Continue reading "Meetings Regarding Oil Exploration off the East Coast" »

April 11, 2012

4/11/2012 Lecture: An Underwater Archaeologist's Adventures in Lifelong Learning

Posted by: Chuck Meide

What: Lecture, "An Underwater Archaeologist's Adventures in Lifelong Learning"
Who: Chuck Meide
Venue: The 23rd International Conference on College Teaching and Learning
Where: Sawgrass Mariott, Ponte Vedra Beach, Florida

LAMP's Director Chuck Meide was invited as a Featured Speaker at the International Conference on College Teaching and Learning, whose theme this year is "Lifelong Learning."

Continue reading "4/11/2012 Lecture: An Underwater Archaeologist's Adventures in Lifelong Learning" »

March 28, 2012

Congratulations to Kathy Fleming, Newest Member of the Florida Historical Commission!

Posted by: Chuck Meide


Congratulations to Kathy Fleming, the Executive Director of the First Light Maritime Society, the St. Augustine Lighthouse & Museum, and LAMP, for her appointment by Florida's Governor to serve on the Florida Historical Commission! This is a great honor, and great news for maritime heritage fans in Florida. Way to go Kathy!

March 23, 2012

3/23/2012 Museum Gala: Legado

Posted by: Chuck Meide

What: Legado, a Gala celebrating our Spanish-American maritime heritage
Where: St. Johns County Visitor's Center, 10 South Castillo Drive, St. Augustine, Florida 32084
When: Friday, March 23, 2012, 6:30-10:30 pm
Dress: Black tie, or period costume
Highlights: Live music and dancing, with a performance by Museo Interactivo from Malaga, Spain; Silent Auction; Vignettes performed from the historical drama "Madness of King George"

For more information and ticket sales click here

All proceeds from this event go towards the work of the First Light Maritime Society, including continued LAMP archaeological research.

March 22, 2012

3/22/2012 Chalupa Keel Laying at Fountain of Youth

Posted by: Chuck Meide

On Thursday, 22 March, an event was held at the Fountain of Youth Archaeological Park, north of the Lighthouse on the mainland in St. Augustine. It was a celebration of the start of a new boat construction project. LAMP is supporting this project by providing our partners at the St. Augustine Maritime Heritage Foundation and the Fountain of Youth with data from our archaeological and historical research into the traditional Spanish boat known as a Chalupa. Many of the volunteer boatbuilders from LAMP Boatworks will be participating in the project, and several of them along with LAMP's Dr. Sam Turner are spearheading the project.

The program was a great success and you can read more about it in the St. Augustine Record.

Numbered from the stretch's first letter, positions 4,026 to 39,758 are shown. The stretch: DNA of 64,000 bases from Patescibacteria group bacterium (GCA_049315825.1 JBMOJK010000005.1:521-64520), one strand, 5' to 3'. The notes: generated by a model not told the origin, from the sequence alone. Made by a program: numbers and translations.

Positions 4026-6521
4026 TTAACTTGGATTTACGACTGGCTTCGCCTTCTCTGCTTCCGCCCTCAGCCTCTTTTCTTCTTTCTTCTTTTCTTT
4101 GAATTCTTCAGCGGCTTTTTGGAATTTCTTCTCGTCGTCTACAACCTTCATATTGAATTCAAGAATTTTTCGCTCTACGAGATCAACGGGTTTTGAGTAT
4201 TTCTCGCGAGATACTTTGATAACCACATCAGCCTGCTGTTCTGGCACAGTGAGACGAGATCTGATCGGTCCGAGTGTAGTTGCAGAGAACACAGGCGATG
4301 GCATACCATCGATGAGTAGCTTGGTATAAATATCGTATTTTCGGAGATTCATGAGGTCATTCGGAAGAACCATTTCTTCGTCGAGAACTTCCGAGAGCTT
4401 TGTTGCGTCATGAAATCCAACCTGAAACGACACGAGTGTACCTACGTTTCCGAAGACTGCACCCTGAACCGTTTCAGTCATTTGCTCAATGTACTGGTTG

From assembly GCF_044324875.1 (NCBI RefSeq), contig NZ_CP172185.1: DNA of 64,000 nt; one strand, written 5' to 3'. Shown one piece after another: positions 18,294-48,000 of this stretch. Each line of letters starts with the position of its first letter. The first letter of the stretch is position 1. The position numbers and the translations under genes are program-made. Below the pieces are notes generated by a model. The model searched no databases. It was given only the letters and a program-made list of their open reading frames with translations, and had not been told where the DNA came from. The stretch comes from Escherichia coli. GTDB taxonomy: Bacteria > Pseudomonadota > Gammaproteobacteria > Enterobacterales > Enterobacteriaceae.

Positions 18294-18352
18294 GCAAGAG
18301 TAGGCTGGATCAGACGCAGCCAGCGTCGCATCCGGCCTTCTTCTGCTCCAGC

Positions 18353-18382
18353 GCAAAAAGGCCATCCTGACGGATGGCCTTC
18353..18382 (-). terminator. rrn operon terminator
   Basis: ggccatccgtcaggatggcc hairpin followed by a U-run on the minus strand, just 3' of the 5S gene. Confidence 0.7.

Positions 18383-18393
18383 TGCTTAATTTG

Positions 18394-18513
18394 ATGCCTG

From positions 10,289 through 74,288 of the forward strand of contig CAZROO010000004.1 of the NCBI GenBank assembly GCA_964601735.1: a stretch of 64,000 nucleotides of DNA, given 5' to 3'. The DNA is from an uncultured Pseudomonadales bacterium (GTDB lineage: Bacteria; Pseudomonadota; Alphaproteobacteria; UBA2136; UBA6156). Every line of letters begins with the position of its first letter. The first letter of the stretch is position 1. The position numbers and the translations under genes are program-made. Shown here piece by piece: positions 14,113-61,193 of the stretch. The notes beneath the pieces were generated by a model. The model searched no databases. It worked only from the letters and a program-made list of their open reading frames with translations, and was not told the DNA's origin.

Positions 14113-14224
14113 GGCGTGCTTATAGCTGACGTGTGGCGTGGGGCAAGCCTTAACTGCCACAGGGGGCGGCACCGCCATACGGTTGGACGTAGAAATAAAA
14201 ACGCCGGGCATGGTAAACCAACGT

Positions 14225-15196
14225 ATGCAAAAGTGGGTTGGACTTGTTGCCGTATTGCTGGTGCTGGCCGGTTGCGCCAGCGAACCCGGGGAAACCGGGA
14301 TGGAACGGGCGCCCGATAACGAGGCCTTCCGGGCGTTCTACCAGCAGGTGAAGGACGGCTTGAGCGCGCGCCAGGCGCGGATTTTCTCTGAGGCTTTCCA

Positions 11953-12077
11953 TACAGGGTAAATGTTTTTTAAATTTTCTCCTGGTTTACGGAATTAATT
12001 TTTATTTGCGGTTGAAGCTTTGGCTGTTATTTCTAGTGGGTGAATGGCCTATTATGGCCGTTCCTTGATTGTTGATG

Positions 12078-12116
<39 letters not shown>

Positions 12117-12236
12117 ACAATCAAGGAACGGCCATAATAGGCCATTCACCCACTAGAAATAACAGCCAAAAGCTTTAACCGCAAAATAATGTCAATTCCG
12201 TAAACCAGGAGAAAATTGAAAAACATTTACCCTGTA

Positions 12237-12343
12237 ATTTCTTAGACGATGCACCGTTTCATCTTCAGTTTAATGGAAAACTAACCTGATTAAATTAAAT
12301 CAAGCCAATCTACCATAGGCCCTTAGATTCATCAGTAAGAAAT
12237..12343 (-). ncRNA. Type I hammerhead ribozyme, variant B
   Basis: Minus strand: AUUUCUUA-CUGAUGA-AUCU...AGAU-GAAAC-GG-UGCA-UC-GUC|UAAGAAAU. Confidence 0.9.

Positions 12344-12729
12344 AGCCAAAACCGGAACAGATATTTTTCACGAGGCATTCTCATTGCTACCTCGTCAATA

March 21, 2012

3/21/2012 Lecture: The Minorcan Experience in New Smyrna

Posted by: Chuck Meide

What: Crossroads of Exchange Lecture Series, "The Minorcan Experience in New Smyrna,"
Who: Dr. Roger Clark Smith, historian and LAMP Research Associate
Where: Anastasia Gallery, St. Augustine Lighthouse & Museum
When: Wednesday, March 21, 2012, at 7:00 pm

Continue reading "3/21/2012 Lecture: The Minorcan Experience in New Smyrna" »

3/21/2012 Lecture: Search for the Jefferson Davis Documentary

Posted by: Chuck Meide

What: Lecture, "Search for the Jefferson Davis Documentary"
Who: Joe Zarzynski, archaeologist and filmmaker, and Chuck Meide, LAMP Director
Where: Ponte Vedra Public Library, 101 Library Blvd., Ponte Vedra Beach, FL 32082, Phone:(904)827-6950
When: Wednesday, March 21, 2012, at 6:30 pm

Continue reading "3/21/2012 Lecture: Search for the Jefferson Davis Documentary" »

March 17, 2012

3/17/2012 Festival: 20th Annual Lighthouse Festival

Posted by: Chuck Meide

What: 20th Annual Lighthouse Festival
When: Saturday, March 17, 2012, from 11 am to 6 pm
Where: St. Augustine Lighthouse
Highlights: Free admission, food, drink, pony rides, bouncy house, live entertainment, archaeology tables with artifact displays, boatbuilding and other crafts for kids, 5K run, and more!

March 9, 2012

LAMP Monitors Beach Dredging and Dredging Awareness

Posted by: Brendan Burke

The saga of our 450 year old shipping channel continues as dredging of the St. Augustine Inlet began last week. In an effort to both maintain safe bathymetry (enough deep water) and a big, wide beach, sand is pumped from the bottom of the inlet and onto St. Augustine Beach. LAMP is helping to guard our maritime history and ensure we don't lose anything to this important project.

Continue reading "LAMP Monitors Beach Dredging and Dredging Awareness" »

March 8, 2012

3/8/2012 Lecture: Maritime Archaeology at Achill Island, Ireland

Posted by: Chuck Meide

What: Beyond Our Backyard: Archaeology Around the World Lecture Series, "Maritime Archaeology at Achill Island, Ireland"
Who: Chuck Meide, LAMP Director
Where: Bowden Building, downtown Pensacola
When: Thursday, March 8, 2012, at 7:00 pm Central Time

Continue reading "3/8/2012 Lecture: Maritime Archaeology at Achill Island, Ireland" »

February 27, 2012

Weighing Anchor for the Capitol

Posted by: Brendan Burke

Sitting at my desk about a week or so before Thanksgiving, I received a call from a gentleman who said he had a large anchor that had recently come from the sea. We get lots of calls and visits here at LAMP from folks who have found things on the beach and want to identify them, but few six-foot anchors. He said he had a picture and some information about the anchor and wanted to share it with us. I met with Richard, who told me a story....

Continue reading "Weighing Anchor for the Capitol" »

February 24, 2012

LAMP Documentary "Search for the Jefferson Davis" to be Featured at the Amelia Island Film Festival this Saturday, February 24th, 2012